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Lamar Jackson, No. 16 Louisville escape with win over pesky (and improved) Purdue squad


Everybody figured that a Cardinals quarterback would take center stage in Indianapolis as regional rivals Purdue and Louisville squared off at Lucas Oil Stadium. What might have been slightly unexpected for some is that it was former UL signal-caller Jeff Brohm who stole the show… as the head coach of the Boilermakers.

Brohm’s team showed an impressive amount of moxie under the dome and gave their top 20 opponent everything they could handle for four quarters before the Cardinals eventually were able to pull away for a 35-28 win.

Heisman Trophy-winning quarterback Lamar Jackson played a big role in that final scoreline and looked much more like the player we saw dazzle college football at the beginning of last year. His numbers were spectacular when glancing at the box score — 378 yards passing and two touchdowns, 107 yards on the ground — but would have been even better had he gotten any help from his run game or offensive line.

Over on defense, a new-look Cardinals unit was pinned with their backs against the wall several times thanks to short fields and had to play most of the game without the services of their best player. All-American cornerback Jaire Alexander left early in the first half while trying to run back a blocked field goal, injuring lower leg and did not return. Despite those issues, they still made plenty of adjustments to slow down Purdue in the second half and recorded four sacks and four turnovers on the night.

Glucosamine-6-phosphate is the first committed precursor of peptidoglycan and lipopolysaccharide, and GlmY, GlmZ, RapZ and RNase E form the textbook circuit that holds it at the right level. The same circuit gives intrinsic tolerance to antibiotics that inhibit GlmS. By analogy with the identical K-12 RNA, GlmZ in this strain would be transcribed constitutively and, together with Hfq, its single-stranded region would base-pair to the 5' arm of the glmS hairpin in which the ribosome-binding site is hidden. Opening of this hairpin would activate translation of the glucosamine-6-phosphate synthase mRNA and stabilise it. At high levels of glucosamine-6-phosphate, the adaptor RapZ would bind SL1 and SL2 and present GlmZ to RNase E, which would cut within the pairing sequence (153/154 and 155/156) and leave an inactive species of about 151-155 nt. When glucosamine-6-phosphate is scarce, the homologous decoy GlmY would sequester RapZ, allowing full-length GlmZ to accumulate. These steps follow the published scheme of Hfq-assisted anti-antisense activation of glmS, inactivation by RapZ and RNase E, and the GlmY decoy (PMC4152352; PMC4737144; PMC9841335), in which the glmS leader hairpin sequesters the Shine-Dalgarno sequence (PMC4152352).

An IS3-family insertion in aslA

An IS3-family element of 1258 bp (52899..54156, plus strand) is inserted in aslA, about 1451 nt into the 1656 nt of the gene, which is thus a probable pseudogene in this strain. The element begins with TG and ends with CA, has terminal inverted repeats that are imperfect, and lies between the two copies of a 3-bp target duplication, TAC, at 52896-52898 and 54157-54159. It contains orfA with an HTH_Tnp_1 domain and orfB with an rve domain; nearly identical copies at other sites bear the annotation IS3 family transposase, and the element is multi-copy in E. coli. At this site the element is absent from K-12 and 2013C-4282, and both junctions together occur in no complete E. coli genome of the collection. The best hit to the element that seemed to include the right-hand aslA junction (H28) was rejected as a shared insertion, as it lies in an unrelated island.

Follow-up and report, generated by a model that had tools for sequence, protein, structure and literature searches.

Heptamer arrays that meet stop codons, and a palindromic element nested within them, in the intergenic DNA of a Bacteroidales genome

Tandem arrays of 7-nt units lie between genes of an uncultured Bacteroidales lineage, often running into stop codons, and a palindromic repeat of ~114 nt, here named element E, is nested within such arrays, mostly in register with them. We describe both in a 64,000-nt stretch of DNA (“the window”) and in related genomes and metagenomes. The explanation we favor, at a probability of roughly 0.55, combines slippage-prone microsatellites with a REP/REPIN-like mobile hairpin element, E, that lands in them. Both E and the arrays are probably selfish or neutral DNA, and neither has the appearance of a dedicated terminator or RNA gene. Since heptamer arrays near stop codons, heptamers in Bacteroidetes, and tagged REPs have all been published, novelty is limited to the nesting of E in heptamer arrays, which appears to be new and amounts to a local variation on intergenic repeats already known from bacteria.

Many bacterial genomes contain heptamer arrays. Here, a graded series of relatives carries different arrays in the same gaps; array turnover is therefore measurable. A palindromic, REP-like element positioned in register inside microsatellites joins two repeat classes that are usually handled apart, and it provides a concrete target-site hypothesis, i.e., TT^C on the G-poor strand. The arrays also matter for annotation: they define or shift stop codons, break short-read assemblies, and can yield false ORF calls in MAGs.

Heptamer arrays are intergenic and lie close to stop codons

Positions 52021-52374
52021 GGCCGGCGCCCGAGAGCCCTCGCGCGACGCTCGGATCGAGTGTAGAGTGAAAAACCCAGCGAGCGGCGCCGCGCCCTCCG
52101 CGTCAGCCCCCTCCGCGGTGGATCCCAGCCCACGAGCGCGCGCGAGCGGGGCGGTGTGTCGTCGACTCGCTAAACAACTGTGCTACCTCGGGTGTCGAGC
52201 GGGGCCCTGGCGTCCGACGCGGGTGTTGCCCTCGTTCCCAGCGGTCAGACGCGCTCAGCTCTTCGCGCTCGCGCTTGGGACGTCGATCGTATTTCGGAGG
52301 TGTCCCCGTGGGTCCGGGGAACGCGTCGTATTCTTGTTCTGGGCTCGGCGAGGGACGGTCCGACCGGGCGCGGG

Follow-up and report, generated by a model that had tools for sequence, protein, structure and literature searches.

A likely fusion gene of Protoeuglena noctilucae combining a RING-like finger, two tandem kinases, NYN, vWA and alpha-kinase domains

The real story was not about the ranked team but about how much better the Boilermakers looked after such a dreadful 2016 that prompted wholesale changes for the program. Elijah Sindelar (118 yards, two scores, one pick) got the start for the team at quarterback and threw the game’s first touchdown, but was pulled several times for veteran David Blough (175 yards, two touchdowns and interceptions) starting in the second quarter. The rushing attack wasn’t much to write home about at just 2.4 yards per carry but the new spread attack using two signal-callers was pesky enough to make things interesting from start to finish.

When you look at season openers, you tend to learn as much about the lower ranked team as the higher one and that certainly seemed like the case on Saturday night in Indianapolis. Purdue looks much more competitive than they were a year ago and may have enough on the roster to make things interesting in their head coach’s debut campaign. The flip side is that Louisville doesn’t appear as close to ACC rivals Florida State or Clemson as they would like to be at this point.

The night still belonged to the Cardinals in the end, but the old one on the other sideline had plenty to smile about too.

FAU QB dismissed by Oklahoma ‘actually thanked’ Lane Kiffin for suspension that lasted two days

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That certainly didn’t last long.

Tuesday, after the first day of spring practice, Lane Kiffin revealed that Chris Robison had been indefinitely suspended from the Florida Atlantic football program for unspecified violations of team rules; one report had the suspension connected to skipping a mandatory tutoring session. At the time, the second-year head coach indicated that the suspension was day-to-day and could be lifted at any time.

As it turns out, Thursday was that time as the quarterback returned to the practice field with the rest of his FAU teammates.

“He came in [Wednesday] and actually thanked me for it,” Kiffin said according to the Sun-Sentinel. “He said it really kind of embarrassed him nationally and humbled him that things could kind of be taken away. It was good to see.”

A four-star member of Oklahoma’s 2017 recruiting class, Robison was arrested in April of that year for public intoxication; four months later, OU announced that Robison had been dismissed from the football program.  In August of last year, Robison announced his decision to transfer to FAU and ended up taking a redshirt for the 2017 season.

Robison and De’Andre Johnson are expected to compete for the starting job vacated by Jason Driskel, who announced earlier this offseason that he was retiring from the sport.  Johnson missed most of the 2017 season after blood clots were discovered in one of his arms.